Advertising, Cultural Criticism & Pedagogy:
|An Interview with Sut Jhally (conducted by William O'Barr)|
William M. O'Barr (Editor of Advertising & Society Review) interviews Sut Jhally (Professor of Communication at the University of Massachusetts at Amherst). Professor Jhally has become one of advertising's most outspoken critics through his role as founder and executive director of The Media Educational Foundation and his teaching and public lectures about advertising. In this interview, Jhally explains how his role of professor and critic are interlinked and discusses his views about advertising and its role contemporary society. Jhally's criticism is directed toward both the advertising industry (for the claims it makes) and the public (for not taking advertising seriously enough). Jhally discusses a wide variety of themes in contemporary advertising and the effects it has on consumers as well as his visions for social change and the future. The interview was published on-line at http://muse.jhu.edu/journals/asr/v003/3.2jhally.html.
WMO: What do you hope to accomplish through your role as a cultural critic?
SJ: I really don't see myself as a cultural critic. I define myself much more as a teacher. Everything I do, everything I've done with the Medial Educational Foundation, and with my publishing, I see as an extension of my teaching role.
WMO: Then let me ask what you are trying to accomplish through your role as a teacher.
SJ: I believe that the role of teachers is to give students the tools they need to be able to negotiate a complex world and to give them the tools that they need to be in charge of that world to be active participants rather than passive recipients of other people's actions. So what I always want to stress in teaching is that the world that we live in is a created world, that it's been constructed by someone, and that there is no such thing as a "natural" version of the world. The world we live in did not fall fully-formed from heaven. It is always created by someone, and therefore the issue of power is what is central to how we analyze the world.
WMO: So how do you explain the construction of the world, that is, how it came to be how it is today, to your students?
SJ: History is absolutely essential to understanding this. It helps us to see that the world in which we live - the world that seems normal to us - wasn't always like that. It was created by specific institutions for specific ends. It was created with the motivations of specific individuals who had very specific things in mind.
WMO: Where does that history begin for you?
SJ: When I first started teaching, I used to go all the way back to the Stone Age in terms of looking at communication. If communication is always about power, if communication is always about constructing the world, and if communication is always about symbolic communication, then we have to look at the social and material conditions that are the determining aspect of that.
WMO: What is it that students need to know about communication in the Stone Age?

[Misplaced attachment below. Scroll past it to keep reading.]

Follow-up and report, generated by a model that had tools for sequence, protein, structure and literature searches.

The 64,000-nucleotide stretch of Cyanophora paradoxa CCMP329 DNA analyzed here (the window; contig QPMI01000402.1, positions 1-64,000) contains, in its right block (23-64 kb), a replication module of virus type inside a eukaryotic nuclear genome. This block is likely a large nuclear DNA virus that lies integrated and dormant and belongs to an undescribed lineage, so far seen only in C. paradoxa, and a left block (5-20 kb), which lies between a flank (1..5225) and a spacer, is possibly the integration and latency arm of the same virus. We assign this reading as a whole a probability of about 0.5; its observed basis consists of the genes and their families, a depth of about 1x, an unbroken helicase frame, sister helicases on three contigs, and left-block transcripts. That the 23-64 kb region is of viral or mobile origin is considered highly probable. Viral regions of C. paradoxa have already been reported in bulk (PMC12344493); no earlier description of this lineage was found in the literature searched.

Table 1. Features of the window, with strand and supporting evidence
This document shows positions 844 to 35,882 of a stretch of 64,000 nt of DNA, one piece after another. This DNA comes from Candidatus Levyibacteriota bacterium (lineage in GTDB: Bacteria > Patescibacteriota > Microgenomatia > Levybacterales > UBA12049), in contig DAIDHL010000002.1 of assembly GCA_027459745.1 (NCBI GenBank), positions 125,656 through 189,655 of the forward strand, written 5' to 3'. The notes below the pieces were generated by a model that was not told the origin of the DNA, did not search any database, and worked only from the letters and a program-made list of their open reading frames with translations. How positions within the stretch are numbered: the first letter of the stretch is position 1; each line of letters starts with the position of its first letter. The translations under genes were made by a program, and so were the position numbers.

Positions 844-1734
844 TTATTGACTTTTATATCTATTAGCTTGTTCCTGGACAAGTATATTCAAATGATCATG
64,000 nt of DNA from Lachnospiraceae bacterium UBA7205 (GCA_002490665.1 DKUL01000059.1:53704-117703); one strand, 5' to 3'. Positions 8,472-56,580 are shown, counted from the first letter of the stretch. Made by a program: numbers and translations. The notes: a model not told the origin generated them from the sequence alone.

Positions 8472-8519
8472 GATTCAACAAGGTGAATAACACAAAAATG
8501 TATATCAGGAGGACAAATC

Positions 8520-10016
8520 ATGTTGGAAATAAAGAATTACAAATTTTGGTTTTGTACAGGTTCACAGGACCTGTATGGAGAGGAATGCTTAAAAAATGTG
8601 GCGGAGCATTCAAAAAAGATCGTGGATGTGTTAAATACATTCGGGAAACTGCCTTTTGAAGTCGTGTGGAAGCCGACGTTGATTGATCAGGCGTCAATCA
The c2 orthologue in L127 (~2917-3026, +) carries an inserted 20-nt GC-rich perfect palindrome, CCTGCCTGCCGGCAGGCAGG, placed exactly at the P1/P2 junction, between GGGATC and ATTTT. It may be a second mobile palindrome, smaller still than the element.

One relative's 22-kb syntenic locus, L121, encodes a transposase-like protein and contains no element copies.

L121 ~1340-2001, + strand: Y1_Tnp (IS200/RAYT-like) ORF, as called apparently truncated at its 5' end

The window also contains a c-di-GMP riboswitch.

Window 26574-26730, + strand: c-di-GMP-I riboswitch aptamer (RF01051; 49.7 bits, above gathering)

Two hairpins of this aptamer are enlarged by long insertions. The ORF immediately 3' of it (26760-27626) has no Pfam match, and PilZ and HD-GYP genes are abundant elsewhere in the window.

SJ: They need to know how language first started: Why do we have language? Language wasn't always a part of the communication "vocabulary" of what we consider to be the ancestors of the human species. If language is the key element of the development of the human species from our primate ancestors (and I think it is), and if the content of language is always arbitrary (that is the result of social process and not given by nature), then the issue of power and communication is there right from our origins. And it's locating communication in very concrete, everyday circumstances. Let's not forget that our ancestors developed language as a survival mechanism when we were driven out of the thinning forests of Africa and onto the flat savannas.
WMO: How do you get from there to now? What do you need to look at?
SJ: You do it by understanding that communication is always a response to something. Communication is a creative act, but is always a response to something. Every new development in communication - initially it was language and face-to-face, then it's mediated communication such as drawing on cave walls. You have to ask why are people drawing on cave walls? It's because people have now started to think about broader issues, such as where do I come from, how was the world created, what else is going on around me?
WMO: So the way that advertising comes into this history is that advertising is communication?
SJ: Absolutely. The way I always frame why I study communication is that communication is a fundamental social process. I think we are human beings because we communicate. Our ability to tell a story - and to tell our story - is essential to us as human beings. That is central to our construction of our identity and therefore part of what it means to be human. Communication is a part of what is natural to be a human.
The question then is: what are the conditions of communication, what are the contexts within which communication takes place? That's why you can never divorce communication from power. Even when language first develops, you start to have monopolies of knowledge around that ability very quickly.
WMO: Can you make this specific? What concrete example comes to mind?
SJ: Well, in terms of who gets to tell the stories within a traditional culture. Not everyone tells stories. The storytelling function quickly becomes specialized.
WMO: You are talking about sitting around the campfire?
SJ: Yes, sitting around the campfire not everyone tells stories. Some people tell stories- and they get to tell certain stories- and some people only listen to stories.
WMO: Later this becomes the church, for example?
SJ: Yes, the first form of monopolization of knowledge is around religious ideas. It gets codified around the church.
WMO: And this kind of situation is then true in all kinds of religious traditions, not just Christianity?
WMO: So this is the historical road that you take your students along?